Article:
The EPA has 11 ozone monitoring stations in the state, including one at WestportԒs Sherwood Island State Park. Real-time readouts from the stations are available on the EPAs Web site.
As of 7:45 p.m. today, the Westport station was orange, meaning ғunhealthy for sensitive groups. The EPA says that means active children and adults, and people with respiratory disease, such as asthma, should limit prolonged outdoor exertion.
The ranking was third worse on the EPA scale. shy of the worst air measurements of “unhealthy” and “very unhealthy.”
In last yearԒs data, the Westport station consistently registered as having the worst air quality in the state.
Westporters Opposed to Oyster Plan Prepare for Hearing
A group opposed to a controversial plan to harvest oysters from Long Island Sound off of Westport using cages suspended above the bottom says it expects several hundred Westporters to show up at a federal hearing to voice their objections.
Recreational boaters say the plan, if approved, would obstruct public waterways used by thousands of commercial and pleasure boats.
A news release from the group, Keep Westports Waterways Open, said the Westporters are expected to attend a public hearing July 23 in Milford to oppose the 367-acre longline oyster farming business that would be located just off Compo Beach.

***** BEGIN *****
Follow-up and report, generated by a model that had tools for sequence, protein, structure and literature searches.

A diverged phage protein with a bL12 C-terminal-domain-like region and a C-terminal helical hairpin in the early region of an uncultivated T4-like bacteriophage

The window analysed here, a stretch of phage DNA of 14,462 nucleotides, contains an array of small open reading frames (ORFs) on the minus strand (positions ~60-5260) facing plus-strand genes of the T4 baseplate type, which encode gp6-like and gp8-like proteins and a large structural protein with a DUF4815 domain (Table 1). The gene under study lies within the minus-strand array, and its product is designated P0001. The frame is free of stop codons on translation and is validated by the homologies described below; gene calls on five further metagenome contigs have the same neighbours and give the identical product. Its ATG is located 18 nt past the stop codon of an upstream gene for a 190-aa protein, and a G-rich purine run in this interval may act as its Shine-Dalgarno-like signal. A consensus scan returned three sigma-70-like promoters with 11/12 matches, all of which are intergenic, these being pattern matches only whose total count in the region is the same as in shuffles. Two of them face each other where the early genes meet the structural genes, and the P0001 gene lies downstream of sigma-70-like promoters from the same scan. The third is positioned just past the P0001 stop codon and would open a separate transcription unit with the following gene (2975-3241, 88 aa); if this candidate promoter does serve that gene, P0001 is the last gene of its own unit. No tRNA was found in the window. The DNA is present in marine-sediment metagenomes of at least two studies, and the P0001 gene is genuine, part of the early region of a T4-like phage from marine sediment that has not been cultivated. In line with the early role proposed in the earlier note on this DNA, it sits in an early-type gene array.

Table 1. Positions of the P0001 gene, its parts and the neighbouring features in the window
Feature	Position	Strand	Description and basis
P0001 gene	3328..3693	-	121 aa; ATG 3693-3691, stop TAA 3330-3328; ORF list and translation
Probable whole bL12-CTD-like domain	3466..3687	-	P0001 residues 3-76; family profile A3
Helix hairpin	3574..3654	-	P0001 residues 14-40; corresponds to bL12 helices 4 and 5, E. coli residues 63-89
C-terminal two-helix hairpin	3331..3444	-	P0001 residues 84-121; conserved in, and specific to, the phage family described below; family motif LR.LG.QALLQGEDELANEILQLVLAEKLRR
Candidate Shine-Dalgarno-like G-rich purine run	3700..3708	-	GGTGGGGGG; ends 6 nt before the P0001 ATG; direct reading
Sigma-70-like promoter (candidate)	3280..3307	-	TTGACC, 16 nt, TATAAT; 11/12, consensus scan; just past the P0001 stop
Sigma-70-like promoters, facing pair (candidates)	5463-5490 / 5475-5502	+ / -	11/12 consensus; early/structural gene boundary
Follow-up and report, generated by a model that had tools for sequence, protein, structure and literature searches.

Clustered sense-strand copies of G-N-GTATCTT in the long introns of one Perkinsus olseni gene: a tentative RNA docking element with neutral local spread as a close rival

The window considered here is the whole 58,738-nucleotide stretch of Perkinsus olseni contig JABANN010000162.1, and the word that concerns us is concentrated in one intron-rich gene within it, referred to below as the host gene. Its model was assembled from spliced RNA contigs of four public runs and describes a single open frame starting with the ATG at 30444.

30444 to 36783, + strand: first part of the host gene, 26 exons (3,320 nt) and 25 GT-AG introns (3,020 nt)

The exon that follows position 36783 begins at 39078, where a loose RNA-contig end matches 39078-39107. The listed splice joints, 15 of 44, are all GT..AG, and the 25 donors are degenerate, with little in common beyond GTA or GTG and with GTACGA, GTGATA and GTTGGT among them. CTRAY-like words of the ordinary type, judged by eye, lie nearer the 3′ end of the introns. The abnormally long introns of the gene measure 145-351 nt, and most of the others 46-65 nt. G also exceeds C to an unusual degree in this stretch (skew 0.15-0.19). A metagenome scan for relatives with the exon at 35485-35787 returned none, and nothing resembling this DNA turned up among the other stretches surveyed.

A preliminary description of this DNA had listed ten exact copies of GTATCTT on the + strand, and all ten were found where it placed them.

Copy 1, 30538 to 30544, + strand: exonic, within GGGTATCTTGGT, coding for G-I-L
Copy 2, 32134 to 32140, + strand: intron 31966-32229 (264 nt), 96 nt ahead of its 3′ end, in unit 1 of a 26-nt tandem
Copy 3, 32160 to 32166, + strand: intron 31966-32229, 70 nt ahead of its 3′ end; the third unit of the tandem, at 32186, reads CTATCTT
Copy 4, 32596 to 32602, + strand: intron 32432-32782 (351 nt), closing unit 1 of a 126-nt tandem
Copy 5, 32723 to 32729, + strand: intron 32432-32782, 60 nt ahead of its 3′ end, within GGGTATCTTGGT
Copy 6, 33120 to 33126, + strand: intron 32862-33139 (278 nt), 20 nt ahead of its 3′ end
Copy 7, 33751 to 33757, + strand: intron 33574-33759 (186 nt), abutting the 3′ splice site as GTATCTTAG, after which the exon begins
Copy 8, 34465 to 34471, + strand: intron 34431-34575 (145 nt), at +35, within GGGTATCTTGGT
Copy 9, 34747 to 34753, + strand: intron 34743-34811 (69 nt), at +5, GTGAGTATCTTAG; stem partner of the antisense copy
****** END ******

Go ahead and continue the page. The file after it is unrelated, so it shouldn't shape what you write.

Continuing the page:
The group said more than 700 people have already written to the U.S. Army Corps of Engineers stating their opposition to the oyster farming plan of Mariculture Unlimited, LLC of Westport.
In response, the Corps agreed to schedule a requested public hearing, which is to be held at 7 p.m. in the Veterans Memorial Auditorium, 70 West River Road, Milford.
Keep WestportҒs Waterways Open, representing the interests of commercial and recreational boaters along the towns river and Sound shorelines, formerly was known as Save Scenic Westport Harbor.
The news release said the groupҒs name change reflects the growing concern among many local residents that the oyster farming operation proposed by Mariculture Unlimited would pose an additional hazard in congested waters and sound the death knell for established boating events.
At the July 23 public hearing, the Corps also will receive comments on a Mariculture Unlimited application for a similar oyster-rearing operation off the coast of Milford. Speakers can sign in beginning at 6 p.m.
The opposition group urged residents to communicate their views on the Mariculture Unlimited plan to Westport First Selectwoman Diane Goss Farrell and other local and state legislators.
Written comments may be submitted directly to the U.S. Army Corps of Engineers until Aug. 2. Mariculture Unlimited will sponsor an information session from 5 p.m. to 7 p.m. before the public hearing.
Cablevision Editorial: Ruth Steinkraus Cohen Deserves Bridge Honor
Cablevision Connecticuts News-12 added its voice today to those approving of naming WestportҒs Post Road Bridge after Ruth Steinkraus Cohen.
In an editorial by the cable channels director of editorial services, Dianne Wildman, a Westporter, it said: